Albania to impose 2-8 year jail terms on coronavirus quarantine rule-breakers

by Reuters
Thursday, 16 April 2020 20:58 GMT

By Benet Koleka

TIRANA, April 16 (Reuters) - Albania amended its penal code on Thursday to punish anyone breaking coronavirus quarantine and self-isolation rules and infecting others with up to eight years in jail as it slowly prepares to restart sections of its economy.

Critics of the tougher measure said fines were proving effective but Prime Minister Edi Rama defended the new penalty as necessary for successfully relaxing the lockdown.

Rama said the government believed about 2,800 people would have died if lockdown rules had not been imposed. As of Thursday, 26 people have died and 518 have been infected with the new coronavirus among Albania's 2.8 million people.

The number is low compared to other countries, leading some to break the rules. Police have fined more than 7,000 people and suspended 1,800 driving licences.

According to the new law, anyone infected with the coronavirus who broke self-isolation or quarantine rules and infected others, wilfully or not, would face from two to eight years in jail if his or her action caused grave harm, including death.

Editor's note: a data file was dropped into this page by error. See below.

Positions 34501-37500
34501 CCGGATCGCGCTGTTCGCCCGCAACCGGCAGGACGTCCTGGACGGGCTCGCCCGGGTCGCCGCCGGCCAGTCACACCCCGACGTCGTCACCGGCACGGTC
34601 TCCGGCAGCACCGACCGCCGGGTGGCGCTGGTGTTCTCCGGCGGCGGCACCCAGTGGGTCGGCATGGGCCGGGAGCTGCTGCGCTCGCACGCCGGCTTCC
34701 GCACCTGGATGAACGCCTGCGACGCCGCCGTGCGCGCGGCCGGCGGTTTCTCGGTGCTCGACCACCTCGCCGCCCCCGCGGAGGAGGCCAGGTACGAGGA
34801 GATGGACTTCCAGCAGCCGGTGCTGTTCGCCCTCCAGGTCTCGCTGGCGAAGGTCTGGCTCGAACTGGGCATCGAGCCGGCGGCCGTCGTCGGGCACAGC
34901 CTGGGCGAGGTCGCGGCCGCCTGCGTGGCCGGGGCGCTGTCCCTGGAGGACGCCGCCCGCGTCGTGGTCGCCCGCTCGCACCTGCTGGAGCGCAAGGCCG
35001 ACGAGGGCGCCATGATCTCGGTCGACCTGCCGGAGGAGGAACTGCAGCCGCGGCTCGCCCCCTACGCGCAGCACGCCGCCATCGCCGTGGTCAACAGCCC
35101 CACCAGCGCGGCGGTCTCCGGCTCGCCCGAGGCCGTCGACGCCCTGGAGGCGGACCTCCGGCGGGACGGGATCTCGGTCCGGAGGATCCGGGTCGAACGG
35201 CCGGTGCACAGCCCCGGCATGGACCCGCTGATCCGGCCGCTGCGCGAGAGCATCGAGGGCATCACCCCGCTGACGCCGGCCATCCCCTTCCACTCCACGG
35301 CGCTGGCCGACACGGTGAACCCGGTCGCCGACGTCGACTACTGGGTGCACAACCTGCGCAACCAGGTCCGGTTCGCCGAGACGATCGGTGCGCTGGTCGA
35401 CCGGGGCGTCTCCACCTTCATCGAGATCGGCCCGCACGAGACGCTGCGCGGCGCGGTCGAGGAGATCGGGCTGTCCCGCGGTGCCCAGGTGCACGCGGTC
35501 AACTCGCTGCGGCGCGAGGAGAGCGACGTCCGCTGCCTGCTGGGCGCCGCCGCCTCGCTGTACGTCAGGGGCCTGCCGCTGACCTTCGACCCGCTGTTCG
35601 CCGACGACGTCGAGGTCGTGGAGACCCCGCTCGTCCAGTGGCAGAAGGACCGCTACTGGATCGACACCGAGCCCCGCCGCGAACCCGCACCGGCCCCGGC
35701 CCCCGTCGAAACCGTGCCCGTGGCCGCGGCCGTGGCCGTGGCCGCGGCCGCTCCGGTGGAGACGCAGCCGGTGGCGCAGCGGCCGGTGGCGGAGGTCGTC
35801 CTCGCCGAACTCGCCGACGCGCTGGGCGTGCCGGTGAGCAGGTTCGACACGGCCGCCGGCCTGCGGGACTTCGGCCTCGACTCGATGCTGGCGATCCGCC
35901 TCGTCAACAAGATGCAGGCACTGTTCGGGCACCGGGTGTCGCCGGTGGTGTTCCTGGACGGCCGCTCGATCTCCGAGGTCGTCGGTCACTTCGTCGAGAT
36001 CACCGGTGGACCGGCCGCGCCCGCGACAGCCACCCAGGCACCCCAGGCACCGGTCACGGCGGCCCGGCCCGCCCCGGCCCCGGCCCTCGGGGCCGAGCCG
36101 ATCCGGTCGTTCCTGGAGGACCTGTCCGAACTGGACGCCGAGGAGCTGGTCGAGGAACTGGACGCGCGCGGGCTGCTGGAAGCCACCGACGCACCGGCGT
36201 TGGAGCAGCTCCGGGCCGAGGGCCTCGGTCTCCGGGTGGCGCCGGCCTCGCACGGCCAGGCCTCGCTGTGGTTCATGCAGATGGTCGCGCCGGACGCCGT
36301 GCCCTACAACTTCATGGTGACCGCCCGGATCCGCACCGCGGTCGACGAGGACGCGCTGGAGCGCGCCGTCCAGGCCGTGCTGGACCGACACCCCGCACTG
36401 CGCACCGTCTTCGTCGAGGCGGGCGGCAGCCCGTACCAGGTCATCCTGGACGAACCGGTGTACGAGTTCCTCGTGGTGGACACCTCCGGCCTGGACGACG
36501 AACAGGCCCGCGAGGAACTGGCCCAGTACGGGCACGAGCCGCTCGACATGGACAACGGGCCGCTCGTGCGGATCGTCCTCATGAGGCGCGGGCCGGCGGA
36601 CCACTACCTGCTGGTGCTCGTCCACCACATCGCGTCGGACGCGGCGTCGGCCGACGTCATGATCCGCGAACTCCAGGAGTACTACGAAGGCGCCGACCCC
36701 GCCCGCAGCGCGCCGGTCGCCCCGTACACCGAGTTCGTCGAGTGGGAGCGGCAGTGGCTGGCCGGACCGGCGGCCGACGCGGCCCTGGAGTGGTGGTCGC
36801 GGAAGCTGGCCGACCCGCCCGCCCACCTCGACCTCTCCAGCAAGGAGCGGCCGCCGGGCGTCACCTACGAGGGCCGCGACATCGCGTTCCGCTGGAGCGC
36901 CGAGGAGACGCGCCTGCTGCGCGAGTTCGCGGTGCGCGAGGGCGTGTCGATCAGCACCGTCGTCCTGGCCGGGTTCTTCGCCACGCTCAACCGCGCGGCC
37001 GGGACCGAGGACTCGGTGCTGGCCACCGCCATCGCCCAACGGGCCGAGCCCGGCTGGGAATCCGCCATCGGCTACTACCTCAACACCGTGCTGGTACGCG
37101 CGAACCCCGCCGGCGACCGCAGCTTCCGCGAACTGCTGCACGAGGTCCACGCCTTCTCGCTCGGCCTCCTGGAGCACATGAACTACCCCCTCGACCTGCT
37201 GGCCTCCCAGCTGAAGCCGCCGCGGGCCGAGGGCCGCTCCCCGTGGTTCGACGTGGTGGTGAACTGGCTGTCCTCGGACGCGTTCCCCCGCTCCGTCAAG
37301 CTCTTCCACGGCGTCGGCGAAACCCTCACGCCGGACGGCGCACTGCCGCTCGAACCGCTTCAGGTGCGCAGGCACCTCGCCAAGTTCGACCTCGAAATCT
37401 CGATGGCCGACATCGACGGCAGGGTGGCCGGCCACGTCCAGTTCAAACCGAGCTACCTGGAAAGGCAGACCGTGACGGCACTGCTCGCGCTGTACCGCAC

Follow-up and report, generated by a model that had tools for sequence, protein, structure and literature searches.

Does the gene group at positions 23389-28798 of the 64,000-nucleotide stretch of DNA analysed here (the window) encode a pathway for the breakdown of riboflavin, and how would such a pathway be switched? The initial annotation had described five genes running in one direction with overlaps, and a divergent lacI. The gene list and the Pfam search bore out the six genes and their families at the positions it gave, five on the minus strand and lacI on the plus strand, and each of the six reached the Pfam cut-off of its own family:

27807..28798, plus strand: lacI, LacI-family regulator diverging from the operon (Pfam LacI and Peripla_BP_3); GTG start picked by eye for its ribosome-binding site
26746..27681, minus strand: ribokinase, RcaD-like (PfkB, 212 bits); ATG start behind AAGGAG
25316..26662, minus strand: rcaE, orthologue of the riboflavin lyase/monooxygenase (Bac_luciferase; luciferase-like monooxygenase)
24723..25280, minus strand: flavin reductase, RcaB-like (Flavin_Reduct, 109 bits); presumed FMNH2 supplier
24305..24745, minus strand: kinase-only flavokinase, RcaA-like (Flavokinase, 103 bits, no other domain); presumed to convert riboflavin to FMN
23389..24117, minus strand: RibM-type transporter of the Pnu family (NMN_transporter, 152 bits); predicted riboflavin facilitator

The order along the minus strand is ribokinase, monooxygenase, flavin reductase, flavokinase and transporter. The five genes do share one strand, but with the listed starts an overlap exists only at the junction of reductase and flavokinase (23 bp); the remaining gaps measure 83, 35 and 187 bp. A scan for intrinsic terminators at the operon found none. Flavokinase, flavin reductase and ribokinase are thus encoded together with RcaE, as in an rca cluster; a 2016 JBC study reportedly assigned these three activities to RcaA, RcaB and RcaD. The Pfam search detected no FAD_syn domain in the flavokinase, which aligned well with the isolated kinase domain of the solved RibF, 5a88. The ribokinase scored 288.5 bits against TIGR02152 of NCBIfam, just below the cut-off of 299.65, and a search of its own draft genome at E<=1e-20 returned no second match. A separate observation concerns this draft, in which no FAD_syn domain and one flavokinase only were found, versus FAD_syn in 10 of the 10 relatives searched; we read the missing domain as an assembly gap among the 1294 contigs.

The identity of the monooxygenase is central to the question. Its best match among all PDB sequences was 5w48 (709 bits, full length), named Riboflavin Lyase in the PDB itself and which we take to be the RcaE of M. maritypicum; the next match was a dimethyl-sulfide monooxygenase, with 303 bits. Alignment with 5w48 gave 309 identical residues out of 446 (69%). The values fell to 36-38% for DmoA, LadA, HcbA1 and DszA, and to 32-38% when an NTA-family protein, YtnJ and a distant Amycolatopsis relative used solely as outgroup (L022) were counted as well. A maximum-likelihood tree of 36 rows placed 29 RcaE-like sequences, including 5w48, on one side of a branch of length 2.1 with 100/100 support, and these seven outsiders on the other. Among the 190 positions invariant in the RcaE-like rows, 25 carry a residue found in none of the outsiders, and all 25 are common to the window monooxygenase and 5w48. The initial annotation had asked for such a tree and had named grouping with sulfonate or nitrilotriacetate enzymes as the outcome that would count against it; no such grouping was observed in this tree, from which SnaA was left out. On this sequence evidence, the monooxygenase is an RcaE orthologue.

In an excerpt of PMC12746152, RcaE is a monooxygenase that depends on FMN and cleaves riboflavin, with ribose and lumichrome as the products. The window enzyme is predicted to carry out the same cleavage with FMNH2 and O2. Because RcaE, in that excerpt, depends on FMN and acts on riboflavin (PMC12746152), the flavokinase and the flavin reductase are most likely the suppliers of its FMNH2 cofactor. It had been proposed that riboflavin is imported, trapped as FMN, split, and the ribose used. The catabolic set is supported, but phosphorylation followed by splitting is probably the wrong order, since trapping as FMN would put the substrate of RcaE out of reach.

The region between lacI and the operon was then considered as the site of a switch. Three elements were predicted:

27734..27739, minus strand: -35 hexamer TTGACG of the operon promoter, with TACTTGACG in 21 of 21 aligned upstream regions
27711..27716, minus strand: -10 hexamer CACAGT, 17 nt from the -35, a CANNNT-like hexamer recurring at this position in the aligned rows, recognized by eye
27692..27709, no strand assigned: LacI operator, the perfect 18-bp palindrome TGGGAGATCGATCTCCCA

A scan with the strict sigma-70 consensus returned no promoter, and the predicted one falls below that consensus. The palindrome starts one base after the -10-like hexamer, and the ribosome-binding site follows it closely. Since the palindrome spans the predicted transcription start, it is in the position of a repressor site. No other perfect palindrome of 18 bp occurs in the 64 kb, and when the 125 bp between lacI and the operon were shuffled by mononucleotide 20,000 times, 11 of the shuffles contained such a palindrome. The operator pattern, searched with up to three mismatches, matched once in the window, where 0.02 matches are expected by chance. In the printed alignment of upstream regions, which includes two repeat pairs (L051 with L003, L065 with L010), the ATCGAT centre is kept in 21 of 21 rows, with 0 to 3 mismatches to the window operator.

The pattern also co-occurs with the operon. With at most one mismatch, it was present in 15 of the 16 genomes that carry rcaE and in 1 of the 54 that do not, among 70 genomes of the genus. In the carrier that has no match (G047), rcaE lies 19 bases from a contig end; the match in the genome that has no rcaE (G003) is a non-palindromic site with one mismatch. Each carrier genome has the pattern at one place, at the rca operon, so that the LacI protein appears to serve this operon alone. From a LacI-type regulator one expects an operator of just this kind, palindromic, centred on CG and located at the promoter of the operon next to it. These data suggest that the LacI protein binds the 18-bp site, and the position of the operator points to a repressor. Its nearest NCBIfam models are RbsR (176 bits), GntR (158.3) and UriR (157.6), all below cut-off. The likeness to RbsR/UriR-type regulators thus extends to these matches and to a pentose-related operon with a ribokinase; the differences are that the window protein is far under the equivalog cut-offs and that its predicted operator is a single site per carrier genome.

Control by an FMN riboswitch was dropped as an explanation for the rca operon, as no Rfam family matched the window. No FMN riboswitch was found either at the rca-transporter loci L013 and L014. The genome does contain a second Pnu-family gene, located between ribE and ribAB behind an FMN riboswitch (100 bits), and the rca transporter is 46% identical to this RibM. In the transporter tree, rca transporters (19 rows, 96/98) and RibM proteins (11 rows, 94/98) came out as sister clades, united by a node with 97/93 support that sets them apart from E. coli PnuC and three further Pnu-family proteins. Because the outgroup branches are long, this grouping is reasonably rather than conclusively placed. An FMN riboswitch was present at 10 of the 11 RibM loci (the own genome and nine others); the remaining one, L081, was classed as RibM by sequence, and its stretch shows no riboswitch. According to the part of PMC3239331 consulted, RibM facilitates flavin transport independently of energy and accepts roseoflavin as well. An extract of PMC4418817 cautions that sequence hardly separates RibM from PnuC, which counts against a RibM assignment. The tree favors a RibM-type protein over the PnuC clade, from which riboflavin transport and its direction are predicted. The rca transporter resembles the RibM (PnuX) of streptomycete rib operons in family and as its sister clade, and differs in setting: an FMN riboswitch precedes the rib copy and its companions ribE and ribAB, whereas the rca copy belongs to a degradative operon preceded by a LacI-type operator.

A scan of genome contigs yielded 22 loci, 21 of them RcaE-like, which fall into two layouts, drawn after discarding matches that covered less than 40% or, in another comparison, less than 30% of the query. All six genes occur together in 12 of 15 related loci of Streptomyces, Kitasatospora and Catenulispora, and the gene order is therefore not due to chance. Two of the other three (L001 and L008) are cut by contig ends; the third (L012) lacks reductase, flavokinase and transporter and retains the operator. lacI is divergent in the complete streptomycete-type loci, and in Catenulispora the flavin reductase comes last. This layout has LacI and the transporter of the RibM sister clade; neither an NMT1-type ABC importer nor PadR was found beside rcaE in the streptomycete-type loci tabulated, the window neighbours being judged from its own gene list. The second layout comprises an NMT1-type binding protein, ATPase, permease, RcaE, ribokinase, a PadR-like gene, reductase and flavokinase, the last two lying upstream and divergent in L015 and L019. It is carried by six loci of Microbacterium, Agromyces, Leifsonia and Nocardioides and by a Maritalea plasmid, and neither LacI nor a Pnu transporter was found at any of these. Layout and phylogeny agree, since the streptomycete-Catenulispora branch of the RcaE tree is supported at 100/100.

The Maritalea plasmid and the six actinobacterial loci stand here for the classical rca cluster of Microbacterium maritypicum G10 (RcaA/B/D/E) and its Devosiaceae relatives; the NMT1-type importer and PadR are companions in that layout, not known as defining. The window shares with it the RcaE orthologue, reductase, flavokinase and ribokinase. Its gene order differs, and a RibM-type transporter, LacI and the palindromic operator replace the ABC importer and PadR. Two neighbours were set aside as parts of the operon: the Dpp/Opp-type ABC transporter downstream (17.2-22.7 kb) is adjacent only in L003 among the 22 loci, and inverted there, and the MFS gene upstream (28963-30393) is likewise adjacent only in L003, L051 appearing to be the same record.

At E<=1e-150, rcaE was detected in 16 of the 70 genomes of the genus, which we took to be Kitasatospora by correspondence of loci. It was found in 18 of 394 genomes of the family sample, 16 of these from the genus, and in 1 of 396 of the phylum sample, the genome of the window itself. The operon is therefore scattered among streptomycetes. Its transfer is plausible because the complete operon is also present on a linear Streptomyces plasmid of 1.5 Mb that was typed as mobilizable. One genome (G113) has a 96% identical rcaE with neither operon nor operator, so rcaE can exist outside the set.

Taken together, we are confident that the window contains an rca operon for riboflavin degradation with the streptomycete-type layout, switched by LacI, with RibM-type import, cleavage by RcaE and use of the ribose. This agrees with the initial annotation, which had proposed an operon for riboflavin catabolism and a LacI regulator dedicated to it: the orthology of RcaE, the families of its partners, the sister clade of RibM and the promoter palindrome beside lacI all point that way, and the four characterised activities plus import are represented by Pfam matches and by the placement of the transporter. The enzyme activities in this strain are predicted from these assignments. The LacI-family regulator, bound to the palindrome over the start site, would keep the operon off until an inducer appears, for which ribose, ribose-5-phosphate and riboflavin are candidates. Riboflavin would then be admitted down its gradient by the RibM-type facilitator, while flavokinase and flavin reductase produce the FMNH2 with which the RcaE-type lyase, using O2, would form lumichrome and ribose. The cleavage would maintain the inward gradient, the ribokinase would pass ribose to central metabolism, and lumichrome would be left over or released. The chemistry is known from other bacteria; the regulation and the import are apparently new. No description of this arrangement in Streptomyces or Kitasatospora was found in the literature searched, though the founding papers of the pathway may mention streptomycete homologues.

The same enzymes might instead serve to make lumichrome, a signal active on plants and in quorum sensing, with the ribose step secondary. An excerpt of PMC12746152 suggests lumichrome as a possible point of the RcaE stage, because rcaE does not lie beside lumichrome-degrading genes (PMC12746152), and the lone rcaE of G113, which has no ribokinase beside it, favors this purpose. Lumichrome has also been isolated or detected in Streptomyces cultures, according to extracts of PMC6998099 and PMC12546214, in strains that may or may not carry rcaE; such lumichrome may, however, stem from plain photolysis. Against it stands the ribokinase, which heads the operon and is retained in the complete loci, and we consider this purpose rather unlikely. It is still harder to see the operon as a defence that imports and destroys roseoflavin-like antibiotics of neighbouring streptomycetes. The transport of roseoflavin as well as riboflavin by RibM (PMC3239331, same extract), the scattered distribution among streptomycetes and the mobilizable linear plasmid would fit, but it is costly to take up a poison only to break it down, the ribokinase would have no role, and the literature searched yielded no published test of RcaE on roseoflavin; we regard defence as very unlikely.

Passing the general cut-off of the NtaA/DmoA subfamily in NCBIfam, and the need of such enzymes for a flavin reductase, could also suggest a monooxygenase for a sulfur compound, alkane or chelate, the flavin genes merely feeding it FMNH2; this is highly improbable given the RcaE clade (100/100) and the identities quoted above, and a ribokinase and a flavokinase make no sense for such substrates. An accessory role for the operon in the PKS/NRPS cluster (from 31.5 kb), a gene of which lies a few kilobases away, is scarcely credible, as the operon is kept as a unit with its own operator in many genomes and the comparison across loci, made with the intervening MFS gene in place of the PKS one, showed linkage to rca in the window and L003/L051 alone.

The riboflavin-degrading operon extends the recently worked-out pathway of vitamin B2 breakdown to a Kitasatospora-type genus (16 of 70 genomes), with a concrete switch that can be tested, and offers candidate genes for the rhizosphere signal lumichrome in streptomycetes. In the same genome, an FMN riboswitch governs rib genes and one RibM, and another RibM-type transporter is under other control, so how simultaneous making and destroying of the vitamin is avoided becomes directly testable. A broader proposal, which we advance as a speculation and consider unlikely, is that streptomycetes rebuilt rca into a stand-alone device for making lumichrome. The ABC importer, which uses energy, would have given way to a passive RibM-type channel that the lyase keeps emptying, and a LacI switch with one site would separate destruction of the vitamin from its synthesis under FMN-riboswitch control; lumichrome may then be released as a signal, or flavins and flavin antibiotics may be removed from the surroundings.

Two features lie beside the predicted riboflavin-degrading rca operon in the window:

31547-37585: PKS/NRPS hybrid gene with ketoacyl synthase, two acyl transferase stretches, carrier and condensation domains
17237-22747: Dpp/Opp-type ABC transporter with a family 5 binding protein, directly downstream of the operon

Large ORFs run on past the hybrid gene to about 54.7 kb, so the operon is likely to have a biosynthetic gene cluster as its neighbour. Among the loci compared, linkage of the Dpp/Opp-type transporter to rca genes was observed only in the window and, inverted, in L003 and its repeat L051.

"These measures are being taken because we are going to relax (lockdown rules). We are winning the battle on the health front. And we shall win it on the economy front," Rama said.

In asking parliamentarians to vote for the tougher law, Rama described quarantine rule-breakers as similar to carrying a bomb, in this case the new coronavirus.

"A bomb does nothing else but kill people," Rama said.

Poorer than most in Europe, Albania enforced a tough isolation soon after its first case was detected on March 9 in a man coming from Italy, one of the worst-hit countries, because it feared its spread might overwhelm its weak health system.

Since Monday, Albania has enforced a weekday lockdown from 5:30 p.m. until 5 a.m. the next day and allows one person per family to shop for 90 minutes. Some industries keep working. (Reporting by Benet Koleka, Editing by Grant McCool)

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